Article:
A little rabbit’s sense of wonder
A curious young bunny hops out for an adventure, all by himself, in Little White Rabbit, the latest creation from Caldecott-winning author-illustrator Kevin Henkes. The rabbit wonders about everything. Like the children who will read about him, he takes the time to notice his surroundings and imagines: What would it be like to be different? What would it be like to be green? Tall? Unable to move? Able to flutter and fly?
When Little White Rabbit is simply being a rabbit, he safely fits in the middle of a square green frame, doing normal rabbity things. With a deft page turn, Henkes shows the full scale of Rabbit’s imagination. The frames are gone when Rabbit’s prodigious imagination pushes the action across an entire two-page spread, not even leaving room for words!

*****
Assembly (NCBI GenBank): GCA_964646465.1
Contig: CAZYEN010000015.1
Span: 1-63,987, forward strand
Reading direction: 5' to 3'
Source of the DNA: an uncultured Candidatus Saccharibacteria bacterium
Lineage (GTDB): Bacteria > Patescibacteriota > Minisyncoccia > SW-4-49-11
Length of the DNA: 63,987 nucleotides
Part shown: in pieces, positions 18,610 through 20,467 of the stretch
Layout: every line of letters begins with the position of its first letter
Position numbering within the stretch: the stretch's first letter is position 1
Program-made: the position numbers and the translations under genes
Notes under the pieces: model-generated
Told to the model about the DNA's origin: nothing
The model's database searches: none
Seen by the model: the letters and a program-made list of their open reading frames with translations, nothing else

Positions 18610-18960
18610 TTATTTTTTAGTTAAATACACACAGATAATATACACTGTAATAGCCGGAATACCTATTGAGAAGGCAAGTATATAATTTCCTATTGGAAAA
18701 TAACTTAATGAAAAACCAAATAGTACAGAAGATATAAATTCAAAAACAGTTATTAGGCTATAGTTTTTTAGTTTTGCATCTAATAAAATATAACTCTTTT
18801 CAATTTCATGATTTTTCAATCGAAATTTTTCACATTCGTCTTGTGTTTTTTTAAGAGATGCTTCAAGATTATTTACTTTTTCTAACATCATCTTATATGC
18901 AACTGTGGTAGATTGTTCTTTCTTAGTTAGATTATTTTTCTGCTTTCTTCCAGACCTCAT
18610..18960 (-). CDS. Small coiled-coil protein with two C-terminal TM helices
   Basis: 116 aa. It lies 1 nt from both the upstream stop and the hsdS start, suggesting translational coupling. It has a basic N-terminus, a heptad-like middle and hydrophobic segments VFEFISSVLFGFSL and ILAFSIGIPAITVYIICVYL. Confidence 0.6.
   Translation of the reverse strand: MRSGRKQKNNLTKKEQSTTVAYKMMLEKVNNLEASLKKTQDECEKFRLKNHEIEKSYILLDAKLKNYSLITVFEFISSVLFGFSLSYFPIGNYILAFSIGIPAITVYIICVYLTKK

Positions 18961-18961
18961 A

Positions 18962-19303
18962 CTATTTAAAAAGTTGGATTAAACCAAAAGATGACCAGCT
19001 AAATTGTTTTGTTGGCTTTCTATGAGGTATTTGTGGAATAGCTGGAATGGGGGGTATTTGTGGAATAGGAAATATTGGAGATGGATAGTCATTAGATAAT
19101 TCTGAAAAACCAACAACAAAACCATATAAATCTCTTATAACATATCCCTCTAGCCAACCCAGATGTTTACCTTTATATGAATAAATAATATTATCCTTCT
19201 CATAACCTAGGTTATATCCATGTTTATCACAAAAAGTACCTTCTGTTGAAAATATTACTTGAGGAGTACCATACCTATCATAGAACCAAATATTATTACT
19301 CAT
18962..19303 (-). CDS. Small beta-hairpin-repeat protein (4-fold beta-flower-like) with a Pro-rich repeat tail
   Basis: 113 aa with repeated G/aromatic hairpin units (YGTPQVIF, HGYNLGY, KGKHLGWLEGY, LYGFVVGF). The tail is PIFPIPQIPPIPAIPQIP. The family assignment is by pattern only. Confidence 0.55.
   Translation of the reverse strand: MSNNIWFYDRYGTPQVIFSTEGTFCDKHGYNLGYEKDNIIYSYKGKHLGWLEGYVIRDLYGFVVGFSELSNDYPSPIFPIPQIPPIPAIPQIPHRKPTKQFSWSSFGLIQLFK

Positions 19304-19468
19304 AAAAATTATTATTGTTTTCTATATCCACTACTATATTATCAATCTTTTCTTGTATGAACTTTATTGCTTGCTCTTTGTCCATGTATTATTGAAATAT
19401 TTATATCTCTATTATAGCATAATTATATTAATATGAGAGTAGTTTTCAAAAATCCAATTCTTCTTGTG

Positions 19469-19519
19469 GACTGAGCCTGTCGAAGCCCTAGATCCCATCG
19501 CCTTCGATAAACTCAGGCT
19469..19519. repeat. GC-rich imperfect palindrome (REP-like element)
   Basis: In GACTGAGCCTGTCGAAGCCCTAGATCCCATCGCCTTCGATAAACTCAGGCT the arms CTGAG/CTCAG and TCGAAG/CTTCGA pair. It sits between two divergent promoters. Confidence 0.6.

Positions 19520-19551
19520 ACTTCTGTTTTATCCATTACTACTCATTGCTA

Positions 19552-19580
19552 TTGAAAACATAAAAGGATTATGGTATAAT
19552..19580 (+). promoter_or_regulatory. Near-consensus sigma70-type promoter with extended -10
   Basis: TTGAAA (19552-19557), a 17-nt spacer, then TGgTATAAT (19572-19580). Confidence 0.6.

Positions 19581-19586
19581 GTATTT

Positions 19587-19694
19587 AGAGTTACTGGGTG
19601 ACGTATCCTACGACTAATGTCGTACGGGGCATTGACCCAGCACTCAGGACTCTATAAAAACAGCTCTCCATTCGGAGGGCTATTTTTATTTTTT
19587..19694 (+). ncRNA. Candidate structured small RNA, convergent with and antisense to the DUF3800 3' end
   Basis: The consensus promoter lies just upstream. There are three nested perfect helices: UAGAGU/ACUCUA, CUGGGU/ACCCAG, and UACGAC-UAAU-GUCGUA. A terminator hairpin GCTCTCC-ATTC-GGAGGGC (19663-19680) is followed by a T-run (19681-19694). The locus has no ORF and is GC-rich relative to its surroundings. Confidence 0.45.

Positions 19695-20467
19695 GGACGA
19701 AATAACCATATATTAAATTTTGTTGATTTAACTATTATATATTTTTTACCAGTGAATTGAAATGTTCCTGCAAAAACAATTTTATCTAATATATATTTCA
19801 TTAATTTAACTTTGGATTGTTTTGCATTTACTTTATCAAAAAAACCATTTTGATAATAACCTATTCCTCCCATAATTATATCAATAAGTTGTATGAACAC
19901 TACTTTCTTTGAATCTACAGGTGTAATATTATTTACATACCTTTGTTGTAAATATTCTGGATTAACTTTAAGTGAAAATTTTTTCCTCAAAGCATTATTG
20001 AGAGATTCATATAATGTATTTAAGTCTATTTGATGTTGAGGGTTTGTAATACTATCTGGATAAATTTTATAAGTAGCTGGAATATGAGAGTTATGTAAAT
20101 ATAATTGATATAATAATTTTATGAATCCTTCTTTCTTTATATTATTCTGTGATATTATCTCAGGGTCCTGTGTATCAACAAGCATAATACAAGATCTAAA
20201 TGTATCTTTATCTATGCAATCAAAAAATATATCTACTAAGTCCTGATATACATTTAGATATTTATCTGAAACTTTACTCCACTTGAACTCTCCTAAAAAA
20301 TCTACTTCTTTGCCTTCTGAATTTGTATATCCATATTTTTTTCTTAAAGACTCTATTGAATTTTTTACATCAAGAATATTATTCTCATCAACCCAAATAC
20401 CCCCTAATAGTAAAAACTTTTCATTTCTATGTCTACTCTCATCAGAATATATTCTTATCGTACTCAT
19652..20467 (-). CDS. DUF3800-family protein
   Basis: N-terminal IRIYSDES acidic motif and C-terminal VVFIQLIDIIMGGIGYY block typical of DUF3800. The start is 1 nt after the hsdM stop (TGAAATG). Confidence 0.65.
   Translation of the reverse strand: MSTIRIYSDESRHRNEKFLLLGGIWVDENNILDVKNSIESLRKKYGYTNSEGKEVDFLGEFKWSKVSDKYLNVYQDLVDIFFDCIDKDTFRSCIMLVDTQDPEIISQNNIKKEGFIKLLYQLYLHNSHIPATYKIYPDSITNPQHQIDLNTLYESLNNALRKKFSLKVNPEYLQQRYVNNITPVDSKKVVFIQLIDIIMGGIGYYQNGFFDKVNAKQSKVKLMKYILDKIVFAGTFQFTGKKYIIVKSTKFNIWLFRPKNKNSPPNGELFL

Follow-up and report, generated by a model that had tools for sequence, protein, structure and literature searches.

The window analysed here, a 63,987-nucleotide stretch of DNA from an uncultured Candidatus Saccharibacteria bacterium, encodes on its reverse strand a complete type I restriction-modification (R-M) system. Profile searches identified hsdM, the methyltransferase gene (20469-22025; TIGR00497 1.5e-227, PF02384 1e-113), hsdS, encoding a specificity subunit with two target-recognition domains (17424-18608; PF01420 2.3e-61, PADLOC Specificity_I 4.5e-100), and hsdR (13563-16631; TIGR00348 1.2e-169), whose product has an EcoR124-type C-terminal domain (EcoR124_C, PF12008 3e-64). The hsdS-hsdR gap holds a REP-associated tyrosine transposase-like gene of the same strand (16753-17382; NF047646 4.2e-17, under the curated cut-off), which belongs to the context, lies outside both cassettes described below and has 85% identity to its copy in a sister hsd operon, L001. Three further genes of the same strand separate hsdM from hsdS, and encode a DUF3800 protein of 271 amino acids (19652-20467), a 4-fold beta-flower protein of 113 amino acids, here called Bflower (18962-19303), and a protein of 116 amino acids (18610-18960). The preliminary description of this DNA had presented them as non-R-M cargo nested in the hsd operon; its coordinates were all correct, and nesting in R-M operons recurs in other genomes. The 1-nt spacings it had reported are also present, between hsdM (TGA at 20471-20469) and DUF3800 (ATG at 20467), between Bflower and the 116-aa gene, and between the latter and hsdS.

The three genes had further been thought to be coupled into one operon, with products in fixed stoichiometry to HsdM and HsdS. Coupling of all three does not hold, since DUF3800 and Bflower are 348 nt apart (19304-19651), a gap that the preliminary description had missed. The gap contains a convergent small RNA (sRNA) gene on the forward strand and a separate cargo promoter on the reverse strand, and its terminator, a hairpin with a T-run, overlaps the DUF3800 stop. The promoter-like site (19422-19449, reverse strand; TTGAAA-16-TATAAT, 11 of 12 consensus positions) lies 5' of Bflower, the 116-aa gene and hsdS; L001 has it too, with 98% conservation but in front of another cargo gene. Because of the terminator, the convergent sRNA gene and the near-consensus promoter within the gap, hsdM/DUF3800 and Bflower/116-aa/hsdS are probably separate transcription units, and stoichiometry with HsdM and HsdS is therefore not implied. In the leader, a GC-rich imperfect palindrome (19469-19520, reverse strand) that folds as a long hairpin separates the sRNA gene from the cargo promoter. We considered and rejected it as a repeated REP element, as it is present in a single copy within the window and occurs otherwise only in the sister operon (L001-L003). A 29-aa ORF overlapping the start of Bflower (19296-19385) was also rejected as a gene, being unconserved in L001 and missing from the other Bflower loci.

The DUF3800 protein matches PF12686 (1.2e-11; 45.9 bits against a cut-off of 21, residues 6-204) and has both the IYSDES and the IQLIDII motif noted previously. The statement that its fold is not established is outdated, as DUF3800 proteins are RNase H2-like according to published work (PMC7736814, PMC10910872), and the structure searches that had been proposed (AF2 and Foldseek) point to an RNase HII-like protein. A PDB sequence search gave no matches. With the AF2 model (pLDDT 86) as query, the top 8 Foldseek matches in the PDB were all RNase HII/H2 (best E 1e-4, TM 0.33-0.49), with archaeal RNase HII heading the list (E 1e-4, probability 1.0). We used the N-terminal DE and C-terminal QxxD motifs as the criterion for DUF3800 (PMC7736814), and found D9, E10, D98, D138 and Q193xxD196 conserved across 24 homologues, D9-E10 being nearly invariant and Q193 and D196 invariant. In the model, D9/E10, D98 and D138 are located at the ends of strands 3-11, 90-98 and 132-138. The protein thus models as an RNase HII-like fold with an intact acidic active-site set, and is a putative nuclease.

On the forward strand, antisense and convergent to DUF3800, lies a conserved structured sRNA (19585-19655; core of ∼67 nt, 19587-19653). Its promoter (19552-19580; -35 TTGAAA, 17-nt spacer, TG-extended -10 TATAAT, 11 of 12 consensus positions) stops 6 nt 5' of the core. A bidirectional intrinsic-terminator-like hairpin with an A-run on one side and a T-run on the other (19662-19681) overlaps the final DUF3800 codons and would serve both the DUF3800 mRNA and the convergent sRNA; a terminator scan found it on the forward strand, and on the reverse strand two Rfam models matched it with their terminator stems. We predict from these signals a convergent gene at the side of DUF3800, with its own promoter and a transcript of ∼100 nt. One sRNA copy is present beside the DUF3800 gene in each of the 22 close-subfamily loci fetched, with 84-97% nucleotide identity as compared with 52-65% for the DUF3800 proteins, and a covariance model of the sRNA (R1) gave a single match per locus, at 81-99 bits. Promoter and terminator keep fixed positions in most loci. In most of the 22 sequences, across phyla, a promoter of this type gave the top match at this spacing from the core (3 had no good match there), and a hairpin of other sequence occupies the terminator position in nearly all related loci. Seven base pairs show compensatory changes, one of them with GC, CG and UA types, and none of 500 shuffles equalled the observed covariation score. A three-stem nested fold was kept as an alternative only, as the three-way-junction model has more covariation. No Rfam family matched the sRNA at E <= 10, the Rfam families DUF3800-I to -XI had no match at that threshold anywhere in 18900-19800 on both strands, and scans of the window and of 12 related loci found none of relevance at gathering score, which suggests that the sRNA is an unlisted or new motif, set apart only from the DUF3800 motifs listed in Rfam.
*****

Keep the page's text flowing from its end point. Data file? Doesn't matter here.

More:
Like Kitten’s First Full Moon, winner of the 2005 Caldecott Medal,this newest Henkes offering invites very young readers to slow down and think their way into a character’s imagination. When Rabbit is green, all the green critters are literally bug-eyed in surprise. A crowd of normal-sized bunnies circle the giant rabbit who is so tall that the trees bend under his weight. My favorite pages, a nod to William Steig’s Sylvester and the Magic Pebble, show time passing when Rabbit imagines “what it would be like not to be able to move.” Rabbit is a stone, portrayed in four panels showing bright sun, rain, sunset and moon bathing him in his stillness.
But, though Rabbit might wonder about all these things, in the end, he finds himself sharing a warm nose kiss with his parent, who loves Rabbit best of all. Ahhhh.